Chestnuts. Was there ever a simple object so full of life? Both as a potential seed for a grand new tree, but also as a perennial plaything for children. Not to mention as a yummy winter delight - roast chestnuts, mmm...
When I was a child, I'd go picking fallen horse chestnuts with my grandfather, down by Køge Å, the river near which my grandparents lived. We'd go back to their apartment and make chestnut animals, using bits of matches to join the chestnuts together.
When I pick up a chestnut, these days, my head does one of those Hollywood flashbacks, and I'm five years old again. It never goes away.
My kids love chestnuts. Every autumn, they will pick up chestnuts by the hundreds, vying to be the one with the most in his collection (yes, they're all boys).
One autumn, while my oldest boy was still an only child, we waited eagerly for his little brother to be born. "By the time the chestnuts are falling," I promised him, "you'll have a little brother." Chestnut time came and went, but they were unseasonably early, and son no. 2 was fashionably late. My son was extremely angry with me for not keeping the promised schedule.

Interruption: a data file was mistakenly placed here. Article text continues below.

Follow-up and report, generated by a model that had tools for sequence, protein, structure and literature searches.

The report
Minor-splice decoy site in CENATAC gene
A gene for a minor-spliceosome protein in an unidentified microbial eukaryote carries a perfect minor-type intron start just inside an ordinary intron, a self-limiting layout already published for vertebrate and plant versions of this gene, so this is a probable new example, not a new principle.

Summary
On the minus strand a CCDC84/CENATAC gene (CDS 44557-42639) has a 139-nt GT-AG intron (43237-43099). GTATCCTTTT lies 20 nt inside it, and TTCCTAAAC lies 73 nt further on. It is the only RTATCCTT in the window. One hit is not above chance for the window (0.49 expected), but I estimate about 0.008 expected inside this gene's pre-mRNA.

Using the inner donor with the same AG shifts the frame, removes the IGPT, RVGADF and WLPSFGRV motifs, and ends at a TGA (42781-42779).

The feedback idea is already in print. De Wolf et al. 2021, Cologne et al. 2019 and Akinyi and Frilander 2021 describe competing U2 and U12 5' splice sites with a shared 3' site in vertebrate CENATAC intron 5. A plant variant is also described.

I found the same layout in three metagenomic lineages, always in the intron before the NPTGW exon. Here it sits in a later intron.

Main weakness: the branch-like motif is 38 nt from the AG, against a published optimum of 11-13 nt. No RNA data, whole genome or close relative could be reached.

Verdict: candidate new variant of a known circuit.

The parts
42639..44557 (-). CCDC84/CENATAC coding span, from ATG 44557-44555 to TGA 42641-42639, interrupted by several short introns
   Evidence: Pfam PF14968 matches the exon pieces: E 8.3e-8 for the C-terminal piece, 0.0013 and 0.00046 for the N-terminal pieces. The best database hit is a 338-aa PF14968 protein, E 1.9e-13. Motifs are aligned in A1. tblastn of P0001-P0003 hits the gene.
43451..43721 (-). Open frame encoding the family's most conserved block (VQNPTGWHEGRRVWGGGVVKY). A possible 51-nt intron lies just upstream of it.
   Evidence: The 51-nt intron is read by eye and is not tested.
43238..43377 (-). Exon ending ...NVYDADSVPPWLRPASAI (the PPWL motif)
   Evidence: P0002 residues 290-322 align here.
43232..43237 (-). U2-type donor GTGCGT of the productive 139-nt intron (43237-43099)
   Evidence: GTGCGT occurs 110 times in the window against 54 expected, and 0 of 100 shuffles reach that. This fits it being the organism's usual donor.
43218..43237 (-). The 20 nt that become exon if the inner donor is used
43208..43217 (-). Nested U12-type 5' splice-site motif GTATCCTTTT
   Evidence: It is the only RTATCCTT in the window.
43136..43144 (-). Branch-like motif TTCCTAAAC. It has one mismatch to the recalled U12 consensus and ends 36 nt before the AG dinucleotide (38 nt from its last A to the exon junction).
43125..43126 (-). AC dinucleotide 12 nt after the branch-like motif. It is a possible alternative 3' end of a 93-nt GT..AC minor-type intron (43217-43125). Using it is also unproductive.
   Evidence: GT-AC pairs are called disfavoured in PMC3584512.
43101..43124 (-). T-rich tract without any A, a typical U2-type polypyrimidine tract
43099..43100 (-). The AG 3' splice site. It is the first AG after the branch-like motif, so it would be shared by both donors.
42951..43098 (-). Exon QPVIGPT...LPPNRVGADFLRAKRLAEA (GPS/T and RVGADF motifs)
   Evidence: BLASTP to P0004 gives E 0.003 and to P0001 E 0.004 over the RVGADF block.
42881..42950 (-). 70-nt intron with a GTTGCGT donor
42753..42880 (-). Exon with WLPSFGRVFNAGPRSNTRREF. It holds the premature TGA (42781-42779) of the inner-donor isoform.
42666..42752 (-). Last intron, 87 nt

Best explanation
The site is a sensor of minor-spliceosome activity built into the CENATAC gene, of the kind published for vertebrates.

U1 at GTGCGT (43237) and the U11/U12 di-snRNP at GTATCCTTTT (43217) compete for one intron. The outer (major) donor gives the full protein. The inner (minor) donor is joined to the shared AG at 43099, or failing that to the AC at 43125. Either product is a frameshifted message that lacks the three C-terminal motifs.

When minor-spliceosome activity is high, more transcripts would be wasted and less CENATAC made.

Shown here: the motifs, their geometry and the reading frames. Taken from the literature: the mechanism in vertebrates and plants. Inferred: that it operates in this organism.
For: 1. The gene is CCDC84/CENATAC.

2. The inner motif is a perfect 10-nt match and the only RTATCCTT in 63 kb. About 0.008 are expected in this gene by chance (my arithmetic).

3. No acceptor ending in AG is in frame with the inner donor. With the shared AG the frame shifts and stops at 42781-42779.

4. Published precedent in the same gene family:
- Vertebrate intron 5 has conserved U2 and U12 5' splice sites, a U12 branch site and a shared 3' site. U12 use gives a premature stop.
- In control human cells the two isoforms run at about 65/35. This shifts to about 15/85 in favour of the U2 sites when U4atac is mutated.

He gave me a chestnut once, when he was small. I still have it. Chestnuts tend to rot if you leave them lying about -- but if you keep one in your pocket, gently fondling it all the time, the oils in your skin will seep into the chestnut and preserve it. Over time, it will get a deep, almost wine-red sheen. Very beautiful.
Chestnuts are my symbol of childhood and love.